View the coffee shop’s hours and menu via its Facebook page.
4. The Legacy Trail
Visit Kansas City created The Legacy Trail, a mapped-out journey used for self-guided audio tours throughout the city. At each location, users of the app tap the screen to play back narrated stories that explain the site’s cultural significance. Latino, Eastern European, Black Heritage, Indigenous People, and Modern Immigrants are referenced on the trail.
To access The Legacy Trail, visit this website. Complete all five journeys, and you can win a KCK t-shirt, and your name will be included on the KCK Legacy Trail Wall of Fame.
Our group visited the Central Avenue Betterment Association (CABA) (1303 Central Ave.) Anthology of Argentine Mural and Eagles Nest. At CABA, we learned how a small staff works diligently with the help of community sponsors to support diverse and inclusive programs and events like the Day of the Dead Celebration. On the day of our visit, staff member and volunteers hurriedly prepared for the Dia De Los Muertos parade. A makeup artist was on-hand to apply face paint to Catrinas, who planned to walk in the parade. When our bus stopped at the Anthology of Argentine Mural (30th & Woodland), my jaw dropped in shock. The massive mural is a city block long and uses vivid imagery to tell the tale of the Argentine neighborhood and its history. The narrative story sets the scene with natural sounds like railroad trains, industrialization, and rainfall. Its imagery will give you pause and, like me, may evoke an emotional response.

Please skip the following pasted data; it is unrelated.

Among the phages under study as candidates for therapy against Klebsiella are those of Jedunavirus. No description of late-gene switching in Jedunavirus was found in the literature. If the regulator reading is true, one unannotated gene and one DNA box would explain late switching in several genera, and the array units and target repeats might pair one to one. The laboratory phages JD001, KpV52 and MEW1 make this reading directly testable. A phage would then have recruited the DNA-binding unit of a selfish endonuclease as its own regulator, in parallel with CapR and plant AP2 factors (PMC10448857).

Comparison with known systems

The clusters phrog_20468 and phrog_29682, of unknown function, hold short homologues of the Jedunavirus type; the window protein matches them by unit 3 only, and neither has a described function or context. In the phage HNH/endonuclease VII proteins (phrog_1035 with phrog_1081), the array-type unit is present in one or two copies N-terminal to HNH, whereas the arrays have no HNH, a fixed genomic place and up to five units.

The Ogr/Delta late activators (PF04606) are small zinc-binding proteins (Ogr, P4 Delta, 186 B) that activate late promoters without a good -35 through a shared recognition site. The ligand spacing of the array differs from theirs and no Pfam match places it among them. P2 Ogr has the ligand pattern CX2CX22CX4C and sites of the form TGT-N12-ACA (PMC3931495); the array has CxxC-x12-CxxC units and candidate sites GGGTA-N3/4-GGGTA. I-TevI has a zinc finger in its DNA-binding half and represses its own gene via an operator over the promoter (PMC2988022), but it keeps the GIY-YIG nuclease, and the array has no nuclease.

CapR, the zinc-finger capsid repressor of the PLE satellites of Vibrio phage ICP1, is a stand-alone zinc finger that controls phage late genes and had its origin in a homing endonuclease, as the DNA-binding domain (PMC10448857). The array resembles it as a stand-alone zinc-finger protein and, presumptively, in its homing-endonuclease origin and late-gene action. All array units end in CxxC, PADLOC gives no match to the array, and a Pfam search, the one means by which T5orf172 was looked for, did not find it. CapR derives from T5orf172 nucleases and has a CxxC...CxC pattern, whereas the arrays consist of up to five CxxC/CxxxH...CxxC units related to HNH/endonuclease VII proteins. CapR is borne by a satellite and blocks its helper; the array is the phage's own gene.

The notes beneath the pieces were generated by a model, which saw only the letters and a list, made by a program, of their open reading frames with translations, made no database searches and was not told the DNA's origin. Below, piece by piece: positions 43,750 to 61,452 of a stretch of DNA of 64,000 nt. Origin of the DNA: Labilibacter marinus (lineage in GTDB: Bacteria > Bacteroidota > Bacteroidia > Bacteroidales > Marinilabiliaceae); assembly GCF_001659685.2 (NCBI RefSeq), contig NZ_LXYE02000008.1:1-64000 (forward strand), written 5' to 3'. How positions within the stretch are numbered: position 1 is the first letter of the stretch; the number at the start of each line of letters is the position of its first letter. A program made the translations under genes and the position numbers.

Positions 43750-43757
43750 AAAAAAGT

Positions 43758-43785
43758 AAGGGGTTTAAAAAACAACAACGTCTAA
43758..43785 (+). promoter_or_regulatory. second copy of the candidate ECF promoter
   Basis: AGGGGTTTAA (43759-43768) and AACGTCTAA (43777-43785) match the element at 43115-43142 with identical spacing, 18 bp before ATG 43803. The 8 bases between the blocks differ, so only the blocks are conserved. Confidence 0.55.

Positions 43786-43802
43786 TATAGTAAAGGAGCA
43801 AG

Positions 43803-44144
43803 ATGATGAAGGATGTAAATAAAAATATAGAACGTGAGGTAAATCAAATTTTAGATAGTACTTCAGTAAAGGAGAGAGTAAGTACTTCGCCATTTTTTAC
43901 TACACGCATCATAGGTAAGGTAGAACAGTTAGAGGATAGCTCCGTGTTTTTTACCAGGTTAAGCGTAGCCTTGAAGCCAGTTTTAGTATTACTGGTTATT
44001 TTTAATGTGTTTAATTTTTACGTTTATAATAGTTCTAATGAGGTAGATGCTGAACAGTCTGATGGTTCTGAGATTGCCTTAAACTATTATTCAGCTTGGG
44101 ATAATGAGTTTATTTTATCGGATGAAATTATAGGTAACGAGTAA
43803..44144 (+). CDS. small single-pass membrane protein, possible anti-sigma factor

We drove to a historic two-story stone building near railroad tracks and a baseball field, which has served as the headquarters for American Legion Post 213 “Eagles Nest” since the 1940s.The nondescript building was constructed because the community needed a place where Latinos could gather without discrimination. In the early 1900s, it served as a Methodist mission and school. Years later, the outside of the building contrasts greatly with the interior’s design which features a sports bar where locals gather to enjoy game day.
5. Jarocho’s Pescados y Mariscos
Continue the cultural journey to a cozy spot where high-quality Mexican seafood is served, Jarocho’s (719 Kansas Ave.). You can’t miss the building’s brightly painted facade featuring murals with ocean scenes.
It’s a hidden gem, or the kind of restaurant locals know and dare not tell others about, because their go-to places become crowded. Bring your appetite and prepare to be wowed by fresh seafood dishes like Shrimp Chipotle, Fire Grilled Trout, and Seafood Paella. They didn’t win Best Seafood and Best Mexican Food by Feast magazine for nothing.
6. Day of the Dead Celebration
Dia De Los Muertos, translated to Day of the Dead, is a time of celebration for the Latino community in Kansas City, Kansas. The day remembers friends and family members who have died and the life they lived. The Mexican holiday dates back hundreds of years.